9. Ms. V. Mohana, learned Amicus Curiae addressed elaborate arguments on the scope of Sections 306 and 460 Cr.P.C. as well as the powers of the Special Judge under Section 5(2) of the PC Act. Learned Amicus Curiae pointed out that power of the Magistrate during investigation to grant pardon is not taken away or deprived by the provisions of the PC Act. In any view, the order passed by the Metropolitan Magistrate is protected under Section 460(g) Cr.P.C. since the Magistrate had acted bona fide and in good faith. Learned Amicus Curiae also submitted, assuming that the Special Judge under the PC Act also has power to grant pardon during investigation, that will not take away the inherent powers on the Magistrate during investigation to grant pardon while exercising powers under Section 306 Cr.P.C.
Learned Amicus Curiae further submitted that the order granting pardon was passed as early as on 2.11.1996, which was revisable and, since no revision had been filed, the order had attained finality and hence the same could not have been challenged by the Appellant at the fag end of the trial, in which, it was pointed out, he had been convicted by the Special Judge vide his judgment dated 24.5.2010.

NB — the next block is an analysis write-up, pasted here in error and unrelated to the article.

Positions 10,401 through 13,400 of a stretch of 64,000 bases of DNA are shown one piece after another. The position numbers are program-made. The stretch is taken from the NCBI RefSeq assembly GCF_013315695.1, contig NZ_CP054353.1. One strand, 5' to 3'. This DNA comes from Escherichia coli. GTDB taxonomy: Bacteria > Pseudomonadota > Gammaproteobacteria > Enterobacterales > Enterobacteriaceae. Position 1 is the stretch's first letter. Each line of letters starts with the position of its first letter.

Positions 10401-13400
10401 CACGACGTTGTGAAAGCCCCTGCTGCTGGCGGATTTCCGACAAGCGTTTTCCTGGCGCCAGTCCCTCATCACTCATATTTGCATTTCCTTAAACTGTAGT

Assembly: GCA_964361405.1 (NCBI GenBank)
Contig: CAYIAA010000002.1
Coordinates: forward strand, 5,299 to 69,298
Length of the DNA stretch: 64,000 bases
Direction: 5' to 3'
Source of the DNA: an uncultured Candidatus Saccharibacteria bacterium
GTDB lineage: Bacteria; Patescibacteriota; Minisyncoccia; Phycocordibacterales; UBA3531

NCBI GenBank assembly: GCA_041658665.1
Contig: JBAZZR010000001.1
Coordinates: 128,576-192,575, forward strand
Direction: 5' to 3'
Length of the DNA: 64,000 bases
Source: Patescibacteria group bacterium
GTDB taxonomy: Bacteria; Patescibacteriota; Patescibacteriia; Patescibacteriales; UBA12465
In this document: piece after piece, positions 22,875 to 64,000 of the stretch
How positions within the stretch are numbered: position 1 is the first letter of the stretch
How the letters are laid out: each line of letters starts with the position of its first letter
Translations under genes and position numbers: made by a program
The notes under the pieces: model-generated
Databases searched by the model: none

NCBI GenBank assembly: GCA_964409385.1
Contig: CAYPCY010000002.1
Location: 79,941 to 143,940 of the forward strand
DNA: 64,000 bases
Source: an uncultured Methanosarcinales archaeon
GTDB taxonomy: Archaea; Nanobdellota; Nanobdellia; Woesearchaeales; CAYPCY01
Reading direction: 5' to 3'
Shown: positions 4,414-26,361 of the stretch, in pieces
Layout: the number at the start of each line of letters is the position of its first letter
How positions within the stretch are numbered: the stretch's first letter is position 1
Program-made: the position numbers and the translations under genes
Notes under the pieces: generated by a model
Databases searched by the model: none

10. We are, in this appeal, concerned with the correctness or otherwise of the order passed by the Magistrate in granting pardon exercising powers under Section 306 Cr.P.C. during the course of investigation of the case and before the submission of the charge-sheet before the Special Judge. The CBI, as already stated, had filed an application for grant of pardon before the Special Judge at a stage when investigation was going on and the Special Judge, in its wisdom, thought it appropriate that the application be dealt with by the Chief Metropolitan Magistrate, since investigation was not over and charge-sheet was not submitted before him.
The Chief Metropolitan Magistrate, however, assigned the matter to the Metropolitan Magistrate. Situation would have been different if the investigation was over, charge-sheet had been submitted and the charges were framed against the accused. In our view, at the stage of investigation, the power conferred on the Magistrate under Section 306 Cr.P.C. (Section 337 of Cr.P.C. 1898 Old Code) has not been taken away, even if the offence can ultimately be tried by a Special Judge. Section 306 Cr.P.C. is applicable in a case where the order of committal has not been passed, while Section 307 Cr.P.C. is applicable after the committal of the case before the judgment is pronounced.
This Court in A. Devendran v. State of Tamil Nadu (1997) 11 SCC 720 opined that after committal of the case, the power to grant pardon vests in the Court to which the case has been committed and the pardon granted by the Chief Judicial Magistrate is not a curable irregularity. For easy reference, we refer to Section 306 Cr.P.C., which reads as follows :